A Site for Photographers by Photographers

Community > Forums > Film and Processing > Processing - commercial labs > what is the "best" photo paper...

Featured Equipment Deals

Latest Equipment Articles

Sun Position Tracking Apps Read More

Sun Position Tracking Apps

These 5 apps, ranging in price from free to $8.99, are our top picks for tracking sun (and moon) light. Also ranging in complexity, some help you keep tabs on the ideal lighting of the day while...

Latest Learning Articles

Basic Image Development in Lightroom: Color Editing (Video Tutorial) Read More

Basic Image Development in Lightroom: Color Editing (Video Tutorial)

Learn basic HSL (hue, saturation, and luminance) color adjustments as well as split toning (adjusting color in highlights and lowlights) in this next video.


what is the "best" photo paper to print photo's

Ronen Gallery , Nov 30, 2005; 02:41 a.m.

i like to know if any one knows a site that reviews photo papers like kodak ,agfa etc and compare colors quality and paper quality , and how long the photo holds in good quality ( assuming the conditions are ok )

Responses

John Shriver , Nov 30, 2005; 08:16 a.m.

Wilhelm Imaging Research. (On web.) But they are more interested inthe stability of ink-jet inks and papers these days. That's where the money is.

Forget about Agfa, going out of business. (They also made some of the most unstable color paper 20 years ago.)

Fuji's Crystal Archive papers are probably still the most stable RA-4 papers. They have a very wide color gamut, and slightly hyper color saturation. They produce better results with Fuji films than Kodak films.

Kodak's Endura papers are their competing professional product. Very respectable stability. Not as wide a color gamut as the Fuji, and lower contrast. Available in three saturation levels (Portra, Supra, and Ultra). With Kodak Portra films, these are very accurate papers, track a great grey scale, and produce very natural results. The king of flesh tones (long Kodak's forte). They also work quite well with Fuji films.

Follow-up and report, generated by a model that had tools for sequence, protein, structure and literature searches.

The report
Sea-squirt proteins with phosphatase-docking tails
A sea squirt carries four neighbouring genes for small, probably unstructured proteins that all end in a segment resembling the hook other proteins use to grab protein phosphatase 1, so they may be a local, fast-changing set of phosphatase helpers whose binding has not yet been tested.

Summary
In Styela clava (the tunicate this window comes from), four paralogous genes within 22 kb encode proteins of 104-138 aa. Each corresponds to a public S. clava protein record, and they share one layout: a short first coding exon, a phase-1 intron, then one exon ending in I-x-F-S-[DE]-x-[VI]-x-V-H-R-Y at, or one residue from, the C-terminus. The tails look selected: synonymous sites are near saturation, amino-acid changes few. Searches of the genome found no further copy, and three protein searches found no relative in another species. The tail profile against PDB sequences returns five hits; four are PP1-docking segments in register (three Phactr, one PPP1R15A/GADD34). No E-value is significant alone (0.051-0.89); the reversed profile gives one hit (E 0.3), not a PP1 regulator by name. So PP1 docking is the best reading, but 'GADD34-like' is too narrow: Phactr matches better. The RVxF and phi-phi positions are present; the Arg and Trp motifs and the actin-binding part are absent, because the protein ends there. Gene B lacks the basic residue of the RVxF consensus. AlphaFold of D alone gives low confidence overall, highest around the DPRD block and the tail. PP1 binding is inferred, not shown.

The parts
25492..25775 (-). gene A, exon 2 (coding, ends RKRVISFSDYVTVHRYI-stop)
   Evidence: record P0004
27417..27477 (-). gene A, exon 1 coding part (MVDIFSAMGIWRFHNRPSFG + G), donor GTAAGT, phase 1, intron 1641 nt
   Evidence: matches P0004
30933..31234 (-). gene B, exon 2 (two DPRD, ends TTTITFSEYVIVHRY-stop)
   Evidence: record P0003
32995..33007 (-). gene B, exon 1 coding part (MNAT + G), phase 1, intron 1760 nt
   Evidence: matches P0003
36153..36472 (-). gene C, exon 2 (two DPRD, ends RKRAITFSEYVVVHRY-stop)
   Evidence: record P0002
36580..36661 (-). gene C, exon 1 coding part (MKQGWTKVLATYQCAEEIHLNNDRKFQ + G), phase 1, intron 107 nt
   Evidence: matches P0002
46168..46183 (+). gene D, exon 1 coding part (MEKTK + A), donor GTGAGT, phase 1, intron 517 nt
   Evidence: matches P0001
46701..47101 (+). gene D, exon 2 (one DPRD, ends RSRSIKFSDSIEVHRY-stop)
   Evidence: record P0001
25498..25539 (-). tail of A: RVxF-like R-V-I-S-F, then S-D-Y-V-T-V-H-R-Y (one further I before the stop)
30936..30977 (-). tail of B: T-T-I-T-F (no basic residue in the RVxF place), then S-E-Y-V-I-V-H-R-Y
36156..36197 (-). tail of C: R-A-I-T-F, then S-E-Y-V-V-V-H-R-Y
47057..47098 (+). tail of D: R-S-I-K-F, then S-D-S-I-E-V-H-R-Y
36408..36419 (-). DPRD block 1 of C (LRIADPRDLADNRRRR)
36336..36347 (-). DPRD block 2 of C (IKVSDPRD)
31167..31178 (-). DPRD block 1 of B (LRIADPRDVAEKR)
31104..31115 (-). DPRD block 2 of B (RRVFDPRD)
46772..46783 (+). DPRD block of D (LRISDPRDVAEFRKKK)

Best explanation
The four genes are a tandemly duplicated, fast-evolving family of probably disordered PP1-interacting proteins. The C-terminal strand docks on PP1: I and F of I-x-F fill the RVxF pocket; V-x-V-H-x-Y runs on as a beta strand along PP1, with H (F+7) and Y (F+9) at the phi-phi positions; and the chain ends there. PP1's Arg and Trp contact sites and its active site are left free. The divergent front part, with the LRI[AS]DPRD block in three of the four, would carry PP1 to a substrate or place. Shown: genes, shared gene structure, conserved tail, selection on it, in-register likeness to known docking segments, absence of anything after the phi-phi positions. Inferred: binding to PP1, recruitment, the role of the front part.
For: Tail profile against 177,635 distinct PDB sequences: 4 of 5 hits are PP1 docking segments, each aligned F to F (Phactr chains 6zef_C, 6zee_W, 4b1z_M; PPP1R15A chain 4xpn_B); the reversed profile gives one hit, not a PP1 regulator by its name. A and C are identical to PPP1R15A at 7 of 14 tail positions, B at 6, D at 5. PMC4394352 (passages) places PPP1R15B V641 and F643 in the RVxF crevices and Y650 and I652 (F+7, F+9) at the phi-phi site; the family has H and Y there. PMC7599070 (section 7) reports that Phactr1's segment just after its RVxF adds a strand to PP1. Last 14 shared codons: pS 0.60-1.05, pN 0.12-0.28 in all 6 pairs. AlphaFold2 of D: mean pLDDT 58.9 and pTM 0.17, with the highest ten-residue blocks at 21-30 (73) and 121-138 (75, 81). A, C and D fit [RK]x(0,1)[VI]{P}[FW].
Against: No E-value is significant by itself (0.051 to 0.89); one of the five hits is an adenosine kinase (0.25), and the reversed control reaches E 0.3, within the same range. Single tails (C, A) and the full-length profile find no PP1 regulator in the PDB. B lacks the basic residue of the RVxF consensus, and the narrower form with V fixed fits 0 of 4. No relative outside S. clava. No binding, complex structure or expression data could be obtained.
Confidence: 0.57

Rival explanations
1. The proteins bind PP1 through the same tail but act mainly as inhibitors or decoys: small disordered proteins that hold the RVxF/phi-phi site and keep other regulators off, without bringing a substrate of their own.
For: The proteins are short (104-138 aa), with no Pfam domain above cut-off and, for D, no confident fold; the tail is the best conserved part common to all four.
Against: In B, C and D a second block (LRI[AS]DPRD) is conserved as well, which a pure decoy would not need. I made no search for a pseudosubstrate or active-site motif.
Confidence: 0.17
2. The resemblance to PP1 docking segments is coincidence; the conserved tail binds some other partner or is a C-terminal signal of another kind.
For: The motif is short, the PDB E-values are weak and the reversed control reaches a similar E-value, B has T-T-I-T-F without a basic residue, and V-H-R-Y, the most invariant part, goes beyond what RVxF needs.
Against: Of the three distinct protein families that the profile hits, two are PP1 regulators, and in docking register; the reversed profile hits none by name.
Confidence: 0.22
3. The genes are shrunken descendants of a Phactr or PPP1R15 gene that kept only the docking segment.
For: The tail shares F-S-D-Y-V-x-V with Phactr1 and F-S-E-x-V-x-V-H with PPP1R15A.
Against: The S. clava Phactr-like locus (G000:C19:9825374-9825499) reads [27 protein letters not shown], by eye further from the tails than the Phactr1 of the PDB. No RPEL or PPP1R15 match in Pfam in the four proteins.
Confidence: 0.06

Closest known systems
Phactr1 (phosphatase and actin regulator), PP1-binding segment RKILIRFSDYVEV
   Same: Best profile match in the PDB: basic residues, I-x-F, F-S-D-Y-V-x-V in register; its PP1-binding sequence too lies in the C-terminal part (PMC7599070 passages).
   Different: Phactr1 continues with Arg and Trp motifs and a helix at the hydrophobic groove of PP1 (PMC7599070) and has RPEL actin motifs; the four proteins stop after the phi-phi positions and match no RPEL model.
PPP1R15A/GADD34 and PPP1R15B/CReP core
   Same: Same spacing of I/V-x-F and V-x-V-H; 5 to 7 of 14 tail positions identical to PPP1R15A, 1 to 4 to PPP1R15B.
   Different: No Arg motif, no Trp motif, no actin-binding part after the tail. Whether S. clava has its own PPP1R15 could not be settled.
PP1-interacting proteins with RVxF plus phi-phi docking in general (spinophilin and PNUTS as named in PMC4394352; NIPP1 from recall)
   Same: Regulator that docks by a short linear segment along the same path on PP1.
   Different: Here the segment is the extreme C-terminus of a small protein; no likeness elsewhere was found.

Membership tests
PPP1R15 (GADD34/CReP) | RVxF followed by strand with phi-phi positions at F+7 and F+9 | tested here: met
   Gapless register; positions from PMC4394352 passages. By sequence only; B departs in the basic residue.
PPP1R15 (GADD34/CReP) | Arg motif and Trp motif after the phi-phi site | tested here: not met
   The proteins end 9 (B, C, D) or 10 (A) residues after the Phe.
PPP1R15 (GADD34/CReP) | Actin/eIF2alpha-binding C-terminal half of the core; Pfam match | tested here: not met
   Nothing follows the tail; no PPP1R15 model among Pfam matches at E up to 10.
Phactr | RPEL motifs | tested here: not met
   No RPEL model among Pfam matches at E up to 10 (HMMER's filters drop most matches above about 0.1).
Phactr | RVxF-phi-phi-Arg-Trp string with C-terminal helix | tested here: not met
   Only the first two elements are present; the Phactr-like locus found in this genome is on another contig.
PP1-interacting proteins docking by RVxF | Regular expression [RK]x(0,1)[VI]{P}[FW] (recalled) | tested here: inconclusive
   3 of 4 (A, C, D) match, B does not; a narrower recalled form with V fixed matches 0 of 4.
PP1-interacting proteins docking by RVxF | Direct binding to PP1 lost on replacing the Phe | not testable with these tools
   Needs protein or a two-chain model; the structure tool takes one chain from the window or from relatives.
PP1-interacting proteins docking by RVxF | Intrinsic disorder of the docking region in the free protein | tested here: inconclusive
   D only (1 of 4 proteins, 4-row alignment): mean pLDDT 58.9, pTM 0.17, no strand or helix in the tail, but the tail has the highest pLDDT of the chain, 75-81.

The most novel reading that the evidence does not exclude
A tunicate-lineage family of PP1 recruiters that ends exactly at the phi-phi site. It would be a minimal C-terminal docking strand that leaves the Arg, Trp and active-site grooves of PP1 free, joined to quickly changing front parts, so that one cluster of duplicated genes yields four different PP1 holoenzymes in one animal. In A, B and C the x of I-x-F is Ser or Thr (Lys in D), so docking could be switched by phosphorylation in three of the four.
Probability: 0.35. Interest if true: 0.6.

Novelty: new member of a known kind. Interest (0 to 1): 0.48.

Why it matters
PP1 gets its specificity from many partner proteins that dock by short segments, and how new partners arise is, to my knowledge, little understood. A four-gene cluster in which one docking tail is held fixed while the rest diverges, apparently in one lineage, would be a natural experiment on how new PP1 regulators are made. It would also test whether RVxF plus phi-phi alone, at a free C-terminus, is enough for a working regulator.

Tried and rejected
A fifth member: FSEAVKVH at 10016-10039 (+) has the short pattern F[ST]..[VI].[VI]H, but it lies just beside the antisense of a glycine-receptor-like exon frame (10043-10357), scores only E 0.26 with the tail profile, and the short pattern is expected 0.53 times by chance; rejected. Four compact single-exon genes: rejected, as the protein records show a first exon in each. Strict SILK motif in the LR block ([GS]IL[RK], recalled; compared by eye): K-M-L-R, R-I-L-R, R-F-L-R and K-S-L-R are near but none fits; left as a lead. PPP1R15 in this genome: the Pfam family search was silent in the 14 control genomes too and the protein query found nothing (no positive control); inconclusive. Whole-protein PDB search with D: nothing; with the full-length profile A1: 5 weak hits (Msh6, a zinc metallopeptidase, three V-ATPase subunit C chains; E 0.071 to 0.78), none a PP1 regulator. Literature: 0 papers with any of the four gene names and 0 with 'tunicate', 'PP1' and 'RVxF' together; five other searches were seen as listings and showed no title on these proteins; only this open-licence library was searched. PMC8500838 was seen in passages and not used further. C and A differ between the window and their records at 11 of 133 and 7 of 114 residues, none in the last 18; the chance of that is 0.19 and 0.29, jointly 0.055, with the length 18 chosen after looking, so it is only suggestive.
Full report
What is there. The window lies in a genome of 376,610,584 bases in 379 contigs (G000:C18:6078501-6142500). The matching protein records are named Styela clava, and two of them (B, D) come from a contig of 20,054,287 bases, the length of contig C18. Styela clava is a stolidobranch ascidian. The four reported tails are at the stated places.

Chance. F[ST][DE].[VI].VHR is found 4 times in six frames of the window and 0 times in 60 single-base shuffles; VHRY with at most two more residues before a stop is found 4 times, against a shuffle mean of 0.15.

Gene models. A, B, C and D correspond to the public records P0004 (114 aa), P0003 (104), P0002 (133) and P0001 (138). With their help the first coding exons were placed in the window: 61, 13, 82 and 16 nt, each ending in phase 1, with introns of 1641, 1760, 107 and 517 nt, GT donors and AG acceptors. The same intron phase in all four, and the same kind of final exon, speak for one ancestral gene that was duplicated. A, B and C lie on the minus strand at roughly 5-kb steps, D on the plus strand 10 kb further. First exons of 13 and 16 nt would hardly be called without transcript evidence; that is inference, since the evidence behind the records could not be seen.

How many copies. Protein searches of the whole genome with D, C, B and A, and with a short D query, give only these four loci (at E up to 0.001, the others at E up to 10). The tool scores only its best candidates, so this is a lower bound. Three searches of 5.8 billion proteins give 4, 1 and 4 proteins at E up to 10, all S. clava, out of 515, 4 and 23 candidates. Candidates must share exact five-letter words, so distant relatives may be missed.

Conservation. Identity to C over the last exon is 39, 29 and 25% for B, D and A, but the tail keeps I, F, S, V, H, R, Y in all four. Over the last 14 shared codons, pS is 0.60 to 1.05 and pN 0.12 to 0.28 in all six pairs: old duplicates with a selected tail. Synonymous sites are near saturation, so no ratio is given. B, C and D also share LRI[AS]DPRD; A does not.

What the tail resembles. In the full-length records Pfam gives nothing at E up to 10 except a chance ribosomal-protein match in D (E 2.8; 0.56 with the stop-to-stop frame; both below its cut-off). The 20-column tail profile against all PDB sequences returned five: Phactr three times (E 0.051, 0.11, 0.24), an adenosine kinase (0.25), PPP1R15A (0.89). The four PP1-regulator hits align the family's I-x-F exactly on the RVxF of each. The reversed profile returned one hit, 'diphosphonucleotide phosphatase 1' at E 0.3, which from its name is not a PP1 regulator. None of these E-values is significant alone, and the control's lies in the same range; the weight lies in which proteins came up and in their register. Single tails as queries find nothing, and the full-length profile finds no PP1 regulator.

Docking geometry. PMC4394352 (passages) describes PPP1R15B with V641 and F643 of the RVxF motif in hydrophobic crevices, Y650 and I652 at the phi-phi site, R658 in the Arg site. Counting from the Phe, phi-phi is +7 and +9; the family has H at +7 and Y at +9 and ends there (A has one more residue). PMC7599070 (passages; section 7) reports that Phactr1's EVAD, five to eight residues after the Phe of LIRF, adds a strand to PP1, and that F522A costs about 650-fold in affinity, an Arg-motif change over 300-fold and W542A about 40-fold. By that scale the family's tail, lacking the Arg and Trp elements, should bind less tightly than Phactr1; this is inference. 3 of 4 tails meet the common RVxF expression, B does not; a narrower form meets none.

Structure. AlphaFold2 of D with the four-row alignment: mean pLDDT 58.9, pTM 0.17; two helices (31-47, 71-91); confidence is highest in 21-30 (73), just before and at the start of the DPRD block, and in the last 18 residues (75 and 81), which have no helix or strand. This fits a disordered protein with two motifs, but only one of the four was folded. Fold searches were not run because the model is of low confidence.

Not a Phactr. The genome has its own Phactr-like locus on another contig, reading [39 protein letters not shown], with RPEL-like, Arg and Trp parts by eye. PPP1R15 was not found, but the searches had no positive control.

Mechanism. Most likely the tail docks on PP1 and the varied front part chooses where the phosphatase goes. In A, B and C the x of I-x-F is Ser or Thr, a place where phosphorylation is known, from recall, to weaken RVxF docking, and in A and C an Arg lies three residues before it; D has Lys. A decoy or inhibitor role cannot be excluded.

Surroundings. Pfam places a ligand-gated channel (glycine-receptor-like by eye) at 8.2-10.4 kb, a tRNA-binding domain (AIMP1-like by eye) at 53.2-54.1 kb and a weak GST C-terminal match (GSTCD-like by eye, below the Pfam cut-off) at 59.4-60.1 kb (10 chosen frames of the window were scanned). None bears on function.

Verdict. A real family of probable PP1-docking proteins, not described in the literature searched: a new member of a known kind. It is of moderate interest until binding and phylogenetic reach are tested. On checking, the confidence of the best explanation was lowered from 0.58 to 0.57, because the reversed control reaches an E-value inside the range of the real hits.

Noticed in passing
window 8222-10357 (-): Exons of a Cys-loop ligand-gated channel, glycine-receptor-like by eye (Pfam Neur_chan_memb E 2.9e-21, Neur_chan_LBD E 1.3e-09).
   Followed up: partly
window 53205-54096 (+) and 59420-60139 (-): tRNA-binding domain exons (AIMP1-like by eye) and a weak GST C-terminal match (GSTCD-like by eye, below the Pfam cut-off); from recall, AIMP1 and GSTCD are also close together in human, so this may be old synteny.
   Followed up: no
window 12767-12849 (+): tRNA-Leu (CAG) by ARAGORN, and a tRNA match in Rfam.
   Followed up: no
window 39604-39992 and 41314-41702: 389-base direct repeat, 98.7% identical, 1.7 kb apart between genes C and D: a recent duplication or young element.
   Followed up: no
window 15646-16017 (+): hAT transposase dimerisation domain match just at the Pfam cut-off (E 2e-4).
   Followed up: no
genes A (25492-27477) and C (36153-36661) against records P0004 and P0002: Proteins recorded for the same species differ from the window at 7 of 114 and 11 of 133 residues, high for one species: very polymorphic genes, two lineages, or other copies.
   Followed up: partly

Then there's the super-high-contrast high-saturation consumer papers, like the Kodak Edge and Royal products. If you want incredibly bright, saturated snapshot prints, these are just fine. For the stores with the banners outside saying "Now, brighter colors!" (I swear, I saw this at a Walgreens!) But if you want prints that have anything to do with what the subject looked like, forget it...

Bill Tuthill , Nov 30, 2005; 11:48 a.m.

Kodak Edge paper never produces "incredibly bright, saturated snapshot prints" for me. More like "overexposed with dull colors" but that could be Qualex printing. Royal paper seems similar to Supra.

Fuji Crystal Archive, even the amateur version, seems to mimic sRGB colors shown on your monitor better than any other paper. Could be the lab combos I've tried, hard to say.

Geoff Samuel , Dec 01, 2005; 10:54 p.m.

Fuji Crystal Archive paper is considered the longest lasting silver halide paper, as tested by Wilhelm Research. As far as colour fidelity goes, nearly any paper can yeid exellent results, provided the equipment is set up properly. The brand of paper has the least influence in the quality of the end result. To compare them properly you would need to print the same image on the same equipment, with the same settings, and there would probably be very litle difference in appearance.

Chris Haake , Dec 02, 2005; 02:01 p.m.

I'll echo Bill's comments on Edge and Royal. I actually like Royal, though I think I should start sending much of my negs off to have large prints made on Portra. Edge, on the other hand, makes beautiful orange clouds at dawn look a sickly dark yellow (a real experience I once had, and the person running the lab COULD NOT get the color right...and she knew what she was doing).

Jeff Spirer , Sep 20, 2007; 11:36 p.m.

The brand of paper has the least influence in the quality of the end result. To compare them properly you would need to print the same image on the same equipment, with the same settings, and there would probably be very litle difference in appearance.

Have you worked in a color darkroom? This hasn't been my experience at all. That said, it would be silly to assume that the same settings will give equivalent results, you adjust the settings to get the maximum out of the paper you use.

Back to top

Notify me of Responses